By Scott Carney
Whilst thirty-eight-year-old Ian Thorson died from dehydration and dysentery on a distant Arizona mountaintop in 2012, the hot York occasions pronounced the tale lower than the headline: "Mysterious Buddhist Retreat within the desolate tract leads to a Grisly Death." Scott Carney, a journalist and anthropologist who lived in India for 6 years, was once struck through how Thorson’s demise echoed different incidents that mirrored the little-talked-about connection among extensive meditation and psychological instability.
Using those tragedies as a springboard, Carney explores how those that visit extremes to accomplish divine revelations—and adopt it in illusory ways—can tangle with insanity. He additionally delves into the unorthodox interpretation of Tibetan Buddhism that attracted Thorson and the unusual teachings of its leader evangelists: Thorson’s spouse, Lama Christie McNally, and her past husband, Geshe Michael Roach, the excellent religious chief of Diamond Mountain college, the place Thorson died.
Carney unravels how the cultlike practices of McNally and Roach and the questionable conditions surrounding Thorson’s loss of life light up a uniquely American tendency to mix 'n match japanese spiritual traditions like LEGO items in a quest to arrive an enlightened, perfected country, irrespective of the cost.
Aided by means of Thorson’s inner most papers, besides state-of-the-art neurological study that unearths the profound impression of in depth meditation at the mind and tales of miracles and black magic, sexualized rituals, and tantric rites from former Diamond Mountain acolytes, A loss of life on Diamond Mountain is a gripping paintings of investigative journalism that finds how the trail to enlightenment will be riddled with threat.
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At 28,251 toes, the world's second-tallest mountain, K2 thrusts skyward out of the Karakoram variety of northern Pakistan. Climbers regard it because the final success in mountain climbing, with strong cause. 4 instances as lethal as Everest, K2 has claimed the lives of seventy-seven climbers considering the fact that 1954. In August 2008 11 climbers died in one thirty-six-hour interval on K2–the worst single-event tragedy within the mountain's heritage and the second-worst within the lengthy chronicle of mountain climbing within the Himalaya and Karakoram levels. but summiting K2 continues to be a adored objective for climbers from all around the globe. earlier than he confronted the problem of K2 himself, Ed Viesturs, one of many world's leading high-altitude mountaineers, considered it as "the holy grail of hiking. "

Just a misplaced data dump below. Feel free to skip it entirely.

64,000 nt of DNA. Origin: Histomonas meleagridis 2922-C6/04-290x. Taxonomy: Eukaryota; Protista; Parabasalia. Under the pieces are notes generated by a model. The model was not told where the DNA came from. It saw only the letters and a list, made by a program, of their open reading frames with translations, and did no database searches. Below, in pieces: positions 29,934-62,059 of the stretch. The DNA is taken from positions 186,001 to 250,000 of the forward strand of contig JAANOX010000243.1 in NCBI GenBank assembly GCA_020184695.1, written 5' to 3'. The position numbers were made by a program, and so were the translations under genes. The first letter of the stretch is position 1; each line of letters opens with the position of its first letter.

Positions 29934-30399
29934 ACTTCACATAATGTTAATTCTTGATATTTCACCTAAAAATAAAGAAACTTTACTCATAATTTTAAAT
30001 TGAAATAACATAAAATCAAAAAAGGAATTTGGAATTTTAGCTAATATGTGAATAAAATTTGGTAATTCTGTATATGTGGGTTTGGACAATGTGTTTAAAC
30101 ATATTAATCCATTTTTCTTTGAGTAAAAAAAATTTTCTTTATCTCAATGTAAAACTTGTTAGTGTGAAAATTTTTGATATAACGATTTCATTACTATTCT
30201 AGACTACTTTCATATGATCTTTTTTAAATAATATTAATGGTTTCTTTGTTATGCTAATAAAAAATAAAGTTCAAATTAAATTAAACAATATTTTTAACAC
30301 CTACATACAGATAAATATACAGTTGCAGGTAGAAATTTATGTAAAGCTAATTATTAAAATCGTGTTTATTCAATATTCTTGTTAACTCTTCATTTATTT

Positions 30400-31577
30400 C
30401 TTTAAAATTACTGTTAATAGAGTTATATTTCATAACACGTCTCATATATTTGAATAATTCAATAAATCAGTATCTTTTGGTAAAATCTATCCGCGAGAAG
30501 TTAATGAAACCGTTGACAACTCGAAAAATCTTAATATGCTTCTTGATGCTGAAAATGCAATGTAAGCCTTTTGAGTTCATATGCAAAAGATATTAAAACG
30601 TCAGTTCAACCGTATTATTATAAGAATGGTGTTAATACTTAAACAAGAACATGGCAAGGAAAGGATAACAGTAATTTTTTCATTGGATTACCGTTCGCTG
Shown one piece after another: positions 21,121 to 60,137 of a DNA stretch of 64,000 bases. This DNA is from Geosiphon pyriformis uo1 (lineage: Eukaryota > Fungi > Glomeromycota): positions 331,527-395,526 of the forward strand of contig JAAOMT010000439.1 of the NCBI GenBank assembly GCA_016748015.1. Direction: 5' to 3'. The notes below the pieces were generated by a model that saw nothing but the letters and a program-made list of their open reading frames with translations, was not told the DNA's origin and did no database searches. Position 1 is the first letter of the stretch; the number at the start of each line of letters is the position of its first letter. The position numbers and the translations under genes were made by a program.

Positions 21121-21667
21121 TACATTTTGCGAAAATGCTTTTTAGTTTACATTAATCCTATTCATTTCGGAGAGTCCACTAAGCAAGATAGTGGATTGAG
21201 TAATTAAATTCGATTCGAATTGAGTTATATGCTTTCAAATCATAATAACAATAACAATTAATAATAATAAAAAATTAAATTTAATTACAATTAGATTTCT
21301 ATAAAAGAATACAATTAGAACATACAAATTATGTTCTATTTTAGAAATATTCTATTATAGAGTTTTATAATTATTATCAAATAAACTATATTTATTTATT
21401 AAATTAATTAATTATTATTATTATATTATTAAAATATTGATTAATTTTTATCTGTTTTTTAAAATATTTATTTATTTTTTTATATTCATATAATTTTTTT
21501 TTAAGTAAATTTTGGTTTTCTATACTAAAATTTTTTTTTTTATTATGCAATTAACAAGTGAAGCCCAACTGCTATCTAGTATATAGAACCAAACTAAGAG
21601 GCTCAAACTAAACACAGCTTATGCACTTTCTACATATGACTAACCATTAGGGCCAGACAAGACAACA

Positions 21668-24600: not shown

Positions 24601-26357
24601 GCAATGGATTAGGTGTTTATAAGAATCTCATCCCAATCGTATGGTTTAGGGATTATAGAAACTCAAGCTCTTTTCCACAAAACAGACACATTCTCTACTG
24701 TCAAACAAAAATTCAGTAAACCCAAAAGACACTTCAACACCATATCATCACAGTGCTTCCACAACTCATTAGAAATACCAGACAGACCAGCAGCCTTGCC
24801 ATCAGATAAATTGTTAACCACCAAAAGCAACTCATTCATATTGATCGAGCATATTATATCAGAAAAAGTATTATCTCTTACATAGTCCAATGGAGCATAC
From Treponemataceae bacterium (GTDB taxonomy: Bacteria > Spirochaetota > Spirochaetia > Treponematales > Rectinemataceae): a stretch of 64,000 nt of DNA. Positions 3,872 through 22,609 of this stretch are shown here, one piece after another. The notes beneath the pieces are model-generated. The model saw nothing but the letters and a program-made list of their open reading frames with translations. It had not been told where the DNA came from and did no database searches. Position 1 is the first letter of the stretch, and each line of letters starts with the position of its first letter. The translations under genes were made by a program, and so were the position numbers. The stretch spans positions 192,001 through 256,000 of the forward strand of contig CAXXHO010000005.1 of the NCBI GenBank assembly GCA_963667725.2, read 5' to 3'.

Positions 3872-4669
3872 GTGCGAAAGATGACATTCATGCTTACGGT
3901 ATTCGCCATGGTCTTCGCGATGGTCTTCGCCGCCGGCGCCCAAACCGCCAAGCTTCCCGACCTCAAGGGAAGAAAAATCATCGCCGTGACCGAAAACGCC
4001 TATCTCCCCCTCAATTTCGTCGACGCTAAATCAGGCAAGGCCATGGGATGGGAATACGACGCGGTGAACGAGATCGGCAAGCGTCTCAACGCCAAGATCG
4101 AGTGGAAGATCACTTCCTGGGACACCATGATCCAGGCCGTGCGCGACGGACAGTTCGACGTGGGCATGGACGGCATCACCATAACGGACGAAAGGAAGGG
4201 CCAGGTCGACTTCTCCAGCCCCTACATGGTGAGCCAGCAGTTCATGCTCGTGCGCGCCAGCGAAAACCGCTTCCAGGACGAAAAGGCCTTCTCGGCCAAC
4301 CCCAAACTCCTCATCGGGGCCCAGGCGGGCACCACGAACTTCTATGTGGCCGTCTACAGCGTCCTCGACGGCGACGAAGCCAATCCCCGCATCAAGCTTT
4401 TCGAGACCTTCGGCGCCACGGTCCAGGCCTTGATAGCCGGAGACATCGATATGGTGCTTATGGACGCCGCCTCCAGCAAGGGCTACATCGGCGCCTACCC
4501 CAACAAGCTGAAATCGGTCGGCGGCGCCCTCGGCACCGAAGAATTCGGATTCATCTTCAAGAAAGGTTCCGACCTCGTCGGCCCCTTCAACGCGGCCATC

In K2: existence and demise at the World's most threatening Mountain, Viesturs explores the notable heritage of the mountain and of these who've tried to beat it. even as he probes K2's such a lot memorable sagas in an try and illustrate the teachings discovered via confronting the elemental questions raised by means of mountaineering–questions of danger, ambition, loyalty to one's teammates, self-sacrifice, and the cost of glory. Viesturs understands the mountain firsthand. He and popular alpinist Scott Fischer climbed it in 1992 and have been approximately killed in an avalanche that despatched them sliding to nearly yes demise. thankfully, Ed controlled to get right into a self-arrest place together with his ice ax and prevent either his fall and Scott' s.
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Additional resources for A Death on Diamond Mountain: A True Story of Obsession, Madness, and the Path to Enlightenment
José and Ramon have a lot in common. They are both persons – both, in spite of their injuries, still self-conscious thinking beings. And they are both able at times to get some small pleasures out of life – their lives are not unremitting agony from one day to the next. But they both believe their lives are, on balance, no longer worth living, and they want them to be over. The difference is that while José is able by himself to end his life, Ramon cannot do this, and needs, if he is to get what he wants, the help of others.
Certainly we think it bad when it ends a good life, but we don’t, in fact, think it’s good when it ends a bad life. It still seems, to most of us, to be a bad thing either way. Can this be right? It might seem that it can, but it isn’t easy, I think, to spell it out. Death may be better than a life of agony, but it’s not better than a good life. And we might think there’s nothing absolutely inevitable about the life of agony. Clarrie might not have been ill. A child born with severe handicaps might, instead, have been perfectly healthy.
So it’s reasonable to think about next week’s shopping, to get the leaky roof fixed before winter, maybe even to continue with the pension plan. These things are reasonable, assuming you’ll go on living. But, second, there are very likely reasons now to want to go on living. You really want to finish your second symphony, see how the garden matures, climb all the Scottish Munros. Desires like these give you reason now to stay alive, to exercise, to eat tolerably well, to keep out of the way of buses.